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Senaste album recensioner Pitchfork


  • Roxy Music: For Your Pleasure
    Each Sunday, Pitchfork takes an in-depth look at a significant album from the past, and any record not in our archives is eligible. Today, we revisit Bryan Ferry and Brian Eno’s glam-rock, art-school masterpiece.

  • Lightning Bolt: Sonic Citadel
    The noise duo’s seventh album is the most life-affirming and accessible music they’ve ever made.

  • Pelada: Movimiento Para Cambio
    Velvety, ’90s-inspired deep house and industrial-punk sing-shouting make for a surprisingly complementary contrast.

  • Chromatics: Closer to Grey
    Chromatics set their surprise “seventh” album at the witching hour, telling a sometimes-muddled tale of heartbroken lovers reaching out to the spirit realm.

  • Lindstrøm: On a Clear Day I Can See You Forever
    The Scandinavian synthesizer maven pays dusts off dozens of arcane vintage machines in an all-hardware studio recording meant to summon the spirit of bygone circuitry.

  • billy woods: Terror Management
    On his bleak new album, woods doubles down on the misery that snakes through all his music.

  • Bill Orcutt: Odds Against Tomorrow
    Stepping away from the overt historicism of previous recordings, the guitarist opts for a subtler—but just as expressive—investigation of folk and blues.

  • Big Thief: Two Hands
    The second landmark album this year from Big Thief is raw, tactile, and essential. The intimate songs zoom in on a band that feels, at this moment, totally invincible.

  • Gong Gong Gong: Phantom Rhythm ???? (?????)
    The Beijing-based post-punk duo stack garage instrumentation, Ali Farka Touré melodies, and dissonance without a whiff of the baroque.

  • Tell All Your Friends
    The newly reissued landmark debut from the Amityville emo band takes heartbreak, jealousy, and depression to an operatic intensity, but does so with sharp wit, a knowing wink, and oh so many hooks.

  • that dog.: Old LP
    The ’90s alt-rockers’ first new album in more than 20 years has the vibe of a beloved record that was, for whatever reason, sitting on a shelf.

  • The Menzingers: Hello Exile
    What does it mean to get older in punk? Were the good old days ever that good? Though the titles change, the Pennsylvania band’s song remains the same.

  • Robert Glasper: Fuck Yo Feelings
    Throwing open his studio doors, the pianist aims for a loose, mixtape-like vibe, but the stacked guest list yields a scattershot party that only ends up overstaying its own welcome.

  • Nick Cave: Ghosteen
    Forty years into his career, Nick Cave emerges with one of his most powerful albums yet, an endlessly giving and complex meditation on mortality and our collective grief.

  • Summer Walker: Over It
    The 23-year-old Atlanta singer’s slow-groove R&B plays out like a telenovela, feeling irresistibly fresh, messy, and human.

  • Automatic: Signal
    The trio’s debut is an exercise in post-punk and no-wave galvanism crafted from throbbing bass, tight-zipped drumbeats, and buzzing synths.

  • Wilco: Ode to Joy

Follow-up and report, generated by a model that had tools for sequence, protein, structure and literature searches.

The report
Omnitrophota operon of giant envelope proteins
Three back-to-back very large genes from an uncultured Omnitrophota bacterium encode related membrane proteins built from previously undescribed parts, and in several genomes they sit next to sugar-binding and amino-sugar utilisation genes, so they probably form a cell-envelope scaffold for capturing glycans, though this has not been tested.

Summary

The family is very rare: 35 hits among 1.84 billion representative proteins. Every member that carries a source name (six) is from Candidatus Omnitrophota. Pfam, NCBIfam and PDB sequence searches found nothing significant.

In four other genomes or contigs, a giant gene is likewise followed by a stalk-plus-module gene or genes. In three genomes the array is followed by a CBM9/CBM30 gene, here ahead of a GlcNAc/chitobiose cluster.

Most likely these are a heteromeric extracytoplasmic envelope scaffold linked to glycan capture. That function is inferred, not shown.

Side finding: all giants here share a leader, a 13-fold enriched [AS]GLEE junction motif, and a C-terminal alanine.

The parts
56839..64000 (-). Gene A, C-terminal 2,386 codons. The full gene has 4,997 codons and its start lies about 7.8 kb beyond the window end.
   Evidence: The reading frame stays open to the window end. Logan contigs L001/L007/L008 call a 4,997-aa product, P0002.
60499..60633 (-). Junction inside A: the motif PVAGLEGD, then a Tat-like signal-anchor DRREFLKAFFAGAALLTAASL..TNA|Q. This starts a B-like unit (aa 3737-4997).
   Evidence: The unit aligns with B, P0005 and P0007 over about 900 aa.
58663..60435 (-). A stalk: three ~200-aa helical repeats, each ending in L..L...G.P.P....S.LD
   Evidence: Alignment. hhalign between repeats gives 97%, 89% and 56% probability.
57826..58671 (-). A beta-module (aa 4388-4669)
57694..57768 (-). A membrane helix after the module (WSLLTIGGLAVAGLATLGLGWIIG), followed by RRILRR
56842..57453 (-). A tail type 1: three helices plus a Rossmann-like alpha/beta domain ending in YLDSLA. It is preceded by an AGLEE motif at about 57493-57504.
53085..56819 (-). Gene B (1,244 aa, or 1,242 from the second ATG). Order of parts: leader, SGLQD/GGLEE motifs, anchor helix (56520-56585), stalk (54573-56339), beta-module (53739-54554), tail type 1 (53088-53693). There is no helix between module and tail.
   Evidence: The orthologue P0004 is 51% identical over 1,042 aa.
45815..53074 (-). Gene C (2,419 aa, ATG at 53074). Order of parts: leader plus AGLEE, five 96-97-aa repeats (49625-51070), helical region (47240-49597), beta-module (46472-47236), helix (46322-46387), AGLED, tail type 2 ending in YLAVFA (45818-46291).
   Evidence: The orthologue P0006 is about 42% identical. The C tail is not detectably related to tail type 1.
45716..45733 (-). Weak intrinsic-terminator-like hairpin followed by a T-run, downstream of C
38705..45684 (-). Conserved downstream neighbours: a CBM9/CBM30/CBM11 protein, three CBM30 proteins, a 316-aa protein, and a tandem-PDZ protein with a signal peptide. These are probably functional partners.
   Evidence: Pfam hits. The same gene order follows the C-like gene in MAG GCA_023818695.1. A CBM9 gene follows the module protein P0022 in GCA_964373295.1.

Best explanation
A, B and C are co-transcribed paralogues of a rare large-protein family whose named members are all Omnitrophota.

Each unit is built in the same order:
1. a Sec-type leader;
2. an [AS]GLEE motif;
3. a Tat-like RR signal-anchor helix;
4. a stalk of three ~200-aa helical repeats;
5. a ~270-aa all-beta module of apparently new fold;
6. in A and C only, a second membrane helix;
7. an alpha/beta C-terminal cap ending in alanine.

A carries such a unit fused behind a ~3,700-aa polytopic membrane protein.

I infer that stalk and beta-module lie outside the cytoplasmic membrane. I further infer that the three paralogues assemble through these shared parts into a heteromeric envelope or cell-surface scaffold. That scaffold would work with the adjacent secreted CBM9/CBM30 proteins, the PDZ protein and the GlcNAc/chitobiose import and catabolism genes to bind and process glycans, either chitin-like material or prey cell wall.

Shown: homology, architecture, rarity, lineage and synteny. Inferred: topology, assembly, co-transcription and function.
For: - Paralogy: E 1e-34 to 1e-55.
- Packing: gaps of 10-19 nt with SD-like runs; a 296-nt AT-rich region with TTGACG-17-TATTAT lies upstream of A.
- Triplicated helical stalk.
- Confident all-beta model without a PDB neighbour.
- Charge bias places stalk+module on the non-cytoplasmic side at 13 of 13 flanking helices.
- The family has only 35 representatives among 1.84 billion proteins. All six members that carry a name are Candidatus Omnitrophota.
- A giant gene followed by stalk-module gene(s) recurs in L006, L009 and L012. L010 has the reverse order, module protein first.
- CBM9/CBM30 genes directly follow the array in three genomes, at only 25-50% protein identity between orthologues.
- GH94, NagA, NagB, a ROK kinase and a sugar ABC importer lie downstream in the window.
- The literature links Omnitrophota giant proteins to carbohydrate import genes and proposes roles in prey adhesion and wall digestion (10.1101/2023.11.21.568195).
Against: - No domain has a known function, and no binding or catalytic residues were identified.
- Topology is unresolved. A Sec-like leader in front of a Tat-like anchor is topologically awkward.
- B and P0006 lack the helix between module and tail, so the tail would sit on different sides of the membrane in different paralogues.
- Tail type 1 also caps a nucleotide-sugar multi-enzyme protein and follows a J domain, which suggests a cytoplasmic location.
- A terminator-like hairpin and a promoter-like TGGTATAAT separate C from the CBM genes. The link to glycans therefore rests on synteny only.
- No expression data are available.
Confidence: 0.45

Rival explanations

Wilco’s 11th album is direct and spacious, centering on the beauty of quiet revelation.

  • Kris Davis: Diatom Ribbons
    Aided by Nels Cline, Marc Ribot, and Esperanza Spalding, the New York pianist and her band mix lyrical song form, turntablism, and avant-garde strategies in unusually fluid fashion.

  • DIIV: Deceiver
    The shoegaze band’s third album is another portrait of addiction and recovery, but this time there’s no suggestion of a victory lap. The lyrics may wallow, but the music soars.

  • Carla dal Forno: Look Up Sharp
    The Australian multi-instrumentalist and songwriter’s second album finds a home in the shadowy space between post-punk, trip-hop, and lo-fi folk.

  • Glenn Branca: The Third Ascension
    The celebrated avant-garde composer’s final work is a shrine to ecstatic disorientation.

  • Wives: So Removed
    The Queens band Wives channel the bygone squalor of NYC’s Y2K rock renaissance.

  • Danny Brown: uknowhatimsayin¿
    On his fifth album, executive-produced by Q-Tip, Danny Brown ascends to a sort of hip-hop classicist nirvana and remains one of the most inventive and dimensional rappers working today.

  • Kaputt: Carnage Hall
    Building atop a wobbly foundation of post-punk totems, the Glaswegian sextet make complicated songs sound fun.

  • John Mayer: Room for Squares
    Each Sunday, Pitchfork takes an in-depth look at a significant album from the past, and any record not in our archives is eligible. Today, we revisit the auspicious debut that sent a 23-year-old guitarist into the stratosphere.

  • Sheff G: The Unluccy Luccy Kid
    The Brooklyn drill artist follows up his two-year-old hit “No Suburban” with a grim and terse debut LP.

  • Michael Vincent Waller: Moments
    The New York-based composer’s third album spotlights piano and vibraphone, as attuned to the notes struck as to the overtones produced and their natural decay.

  • Harmony Woods: Make Yourself at Home
    The 20-year-old singer-songwriter’s clear vocals and candid lyrics feel at home in the Philadelphia DIY scene that raised her.

  • Angel Olsen: All Mirrors
    The breathtaking songs of Angel Olsen’s fifth album are fleshed out by a 12-piece string section and deliver grand gestures about romance, authenticity, and being simply at the mercy of how we feel.

  • Red River Dialect: Abundance Welcoming Ghosts
    Animated with a new intensity, the Cornwall band’s fifth album may be its most ingenious and immersive mix of folk and rock yet.

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